Hamilton, Vettel say old F1 logo was better

World champion Lewis Hamilton believes the new Formula 1 logo unveiled after the Abu Dhabi Grand Prix is not as good as the previous one.

Hamilton, Vettel say old F1 logo was better
The new F1 Logo on the side of the champagne
Podium: Race winner Valtteri Bottas, Mercedes AMG F1, second place Lewis Hamilton, Mercedes AMG F1, third place Sebastian Vettel, Ferrari
F1 logo
The new F1 logo displayed on the podium
Pit lane logo

Liberty Media revealed the simpler design that replaces the iconic logo the sport has been identified with for more than 20 years, with F1 chiefs arguing the previous design was not suited for use with digital platforms or merchandise.

"You cannot stitch the old logo chevron to the right," said F1 commercial chief Sean Bratches. "A number of brands, particularly in this day and age, are trying to simplify their marks to enter the digital space.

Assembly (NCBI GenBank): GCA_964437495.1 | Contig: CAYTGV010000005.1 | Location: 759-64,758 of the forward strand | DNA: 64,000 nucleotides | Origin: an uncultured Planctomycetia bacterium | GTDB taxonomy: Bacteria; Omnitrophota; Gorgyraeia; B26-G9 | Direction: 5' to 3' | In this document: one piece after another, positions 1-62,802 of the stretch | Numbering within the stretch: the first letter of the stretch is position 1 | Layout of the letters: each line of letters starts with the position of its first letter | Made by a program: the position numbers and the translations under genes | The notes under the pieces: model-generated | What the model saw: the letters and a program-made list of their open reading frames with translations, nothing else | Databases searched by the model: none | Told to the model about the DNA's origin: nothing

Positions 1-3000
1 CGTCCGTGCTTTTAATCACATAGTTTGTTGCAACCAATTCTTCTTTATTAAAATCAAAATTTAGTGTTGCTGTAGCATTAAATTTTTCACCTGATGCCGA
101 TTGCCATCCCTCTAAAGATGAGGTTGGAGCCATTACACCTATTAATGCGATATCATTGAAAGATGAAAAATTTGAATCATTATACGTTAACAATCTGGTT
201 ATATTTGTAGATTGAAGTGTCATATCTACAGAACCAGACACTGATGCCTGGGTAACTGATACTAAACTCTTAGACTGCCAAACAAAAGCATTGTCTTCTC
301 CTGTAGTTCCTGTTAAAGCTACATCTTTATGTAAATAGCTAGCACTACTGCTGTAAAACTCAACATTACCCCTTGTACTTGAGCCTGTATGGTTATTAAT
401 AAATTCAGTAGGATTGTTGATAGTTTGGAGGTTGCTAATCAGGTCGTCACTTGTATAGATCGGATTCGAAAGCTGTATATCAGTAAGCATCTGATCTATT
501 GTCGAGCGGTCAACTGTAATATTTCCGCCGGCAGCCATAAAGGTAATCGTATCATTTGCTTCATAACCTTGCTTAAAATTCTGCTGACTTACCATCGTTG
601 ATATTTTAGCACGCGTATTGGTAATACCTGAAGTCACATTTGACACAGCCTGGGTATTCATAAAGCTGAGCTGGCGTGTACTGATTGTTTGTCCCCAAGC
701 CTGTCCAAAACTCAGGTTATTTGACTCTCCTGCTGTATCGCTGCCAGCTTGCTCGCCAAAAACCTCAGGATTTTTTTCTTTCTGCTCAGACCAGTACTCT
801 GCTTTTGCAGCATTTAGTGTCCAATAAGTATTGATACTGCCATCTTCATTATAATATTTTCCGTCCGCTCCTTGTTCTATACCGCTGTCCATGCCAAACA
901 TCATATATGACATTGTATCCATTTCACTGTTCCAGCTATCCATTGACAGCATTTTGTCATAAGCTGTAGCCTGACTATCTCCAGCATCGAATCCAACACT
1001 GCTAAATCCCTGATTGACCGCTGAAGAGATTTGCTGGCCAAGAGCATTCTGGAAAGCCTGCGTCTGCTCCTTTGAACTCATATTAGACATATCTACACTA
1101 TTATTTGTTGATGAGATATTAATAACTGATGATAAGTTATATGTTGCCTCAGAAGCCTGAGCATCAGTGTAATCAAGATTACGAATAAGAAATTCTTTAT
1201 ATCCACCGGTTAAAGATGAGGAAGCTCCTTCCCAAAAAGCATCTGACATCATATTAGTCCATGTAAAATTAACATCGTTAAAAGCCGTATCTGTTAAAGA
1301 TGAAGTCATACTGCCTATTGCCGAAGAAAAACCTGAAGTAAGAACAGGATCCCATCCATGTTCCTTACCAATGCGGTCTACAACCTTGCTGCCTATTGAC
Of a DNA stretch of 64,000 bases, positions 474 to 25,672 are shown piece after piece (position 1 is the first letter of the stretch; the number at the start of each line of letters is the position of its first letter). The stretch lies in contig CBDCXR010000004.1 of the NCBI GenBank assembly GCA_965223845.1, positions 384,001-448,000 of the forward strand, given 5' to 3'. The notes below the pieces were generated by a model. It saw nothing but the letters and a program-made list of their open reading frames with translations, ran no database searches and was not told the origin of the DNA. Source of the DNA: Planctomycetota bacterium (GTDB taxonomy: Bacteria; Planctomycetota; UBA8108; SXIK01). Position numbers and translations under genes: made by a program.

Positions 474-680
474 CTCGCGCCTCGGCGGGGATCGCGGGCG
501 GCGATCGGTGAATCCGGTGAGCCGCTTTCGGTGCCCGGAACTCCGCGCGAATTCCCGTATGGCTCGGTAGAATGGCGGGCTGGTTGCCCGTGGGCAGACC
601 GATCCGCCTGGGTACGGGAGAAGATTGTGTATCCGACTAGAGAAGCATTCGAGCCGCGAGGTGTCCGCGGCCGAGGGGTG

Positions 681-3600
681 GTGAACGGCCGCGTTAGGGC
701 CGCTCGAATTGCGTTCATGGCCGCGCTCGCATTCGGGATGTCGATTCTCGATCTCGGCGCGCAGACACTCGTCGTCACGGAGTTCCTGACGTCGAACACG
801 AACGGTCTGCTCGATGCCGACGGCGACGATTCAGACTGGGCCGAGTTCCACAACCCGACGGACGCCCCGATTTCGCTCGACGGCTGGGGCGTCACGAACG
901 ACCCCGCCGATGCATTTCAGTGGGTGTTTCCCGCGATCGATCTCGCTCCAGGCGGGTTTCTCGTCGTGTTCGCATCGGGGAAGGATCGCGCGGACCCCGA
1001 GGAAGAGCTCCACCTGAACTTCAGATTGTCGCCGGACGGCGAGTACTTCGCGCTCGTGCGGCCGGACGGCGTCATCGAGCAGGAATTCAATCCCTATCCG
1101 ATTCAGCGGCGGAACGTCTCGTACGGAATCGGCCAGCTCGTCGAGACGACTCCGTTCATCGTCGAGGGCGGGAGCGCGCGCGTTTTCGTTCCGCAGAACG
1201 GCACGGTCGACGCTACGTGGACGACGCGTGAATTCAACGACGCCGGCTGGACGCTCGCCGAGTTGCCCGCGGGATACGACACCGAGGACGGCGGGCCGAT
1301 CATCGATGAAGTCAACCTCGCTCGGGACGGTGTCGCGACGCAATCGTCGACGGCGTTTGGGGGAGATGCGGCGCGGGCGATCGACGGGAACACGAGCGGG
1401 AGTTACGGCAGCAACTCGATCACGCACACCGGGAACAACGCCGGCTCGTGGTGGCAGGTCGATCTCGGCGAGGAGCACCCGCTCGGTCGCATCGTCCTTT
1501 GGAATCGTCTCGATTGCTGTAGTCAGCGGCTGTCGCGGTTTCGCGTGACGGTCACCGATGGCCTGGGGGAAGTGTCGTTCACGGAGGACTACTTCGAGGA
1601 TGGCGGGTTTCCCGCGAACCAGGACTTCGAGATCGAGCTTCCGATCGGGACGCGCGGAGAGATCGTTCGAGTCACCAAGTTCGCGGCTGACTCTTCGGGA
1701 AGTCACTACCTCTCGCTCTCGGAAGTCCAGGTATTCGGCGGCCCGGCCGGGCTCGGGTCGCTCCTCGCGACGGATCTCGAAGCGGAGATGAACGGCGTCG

"Look at Starbucks, or Coca Cola which has taken the condensation off their logo to enter digital. We felt we had to go a little bit further and really retool to position us on a going forward basis."

The new logo, however, has not been well received by fans, and Hamilton said after Sunday's race that the fresh design is not as iconic as the old one.

"I think the one that we already had was an iconic logo," said Hamilton. "Just imagine Ferrari changing their logo, or Mercedes changing their logo.

"I don't think the new one is as iconic but maybe it will grow on us."

Ferrari's Sebastian Vettel added: "I liked the old one better."

Red Bull team boss Christian Horner said he understands Liberty's desire to be associated with a new image, and reckons the success of the new logo will be judged by Formula 1's finances.

"Does it talk to me? If it generates more cash it is talking very nicely," said Horner. "Obviously it is a new management and they are going through a rebrand.

"You can understand the new owners wanting to have a fresh new image and a logo epitomises an image at the end of the day.  I hope Niki Lauda didn’t trademark his helmet."

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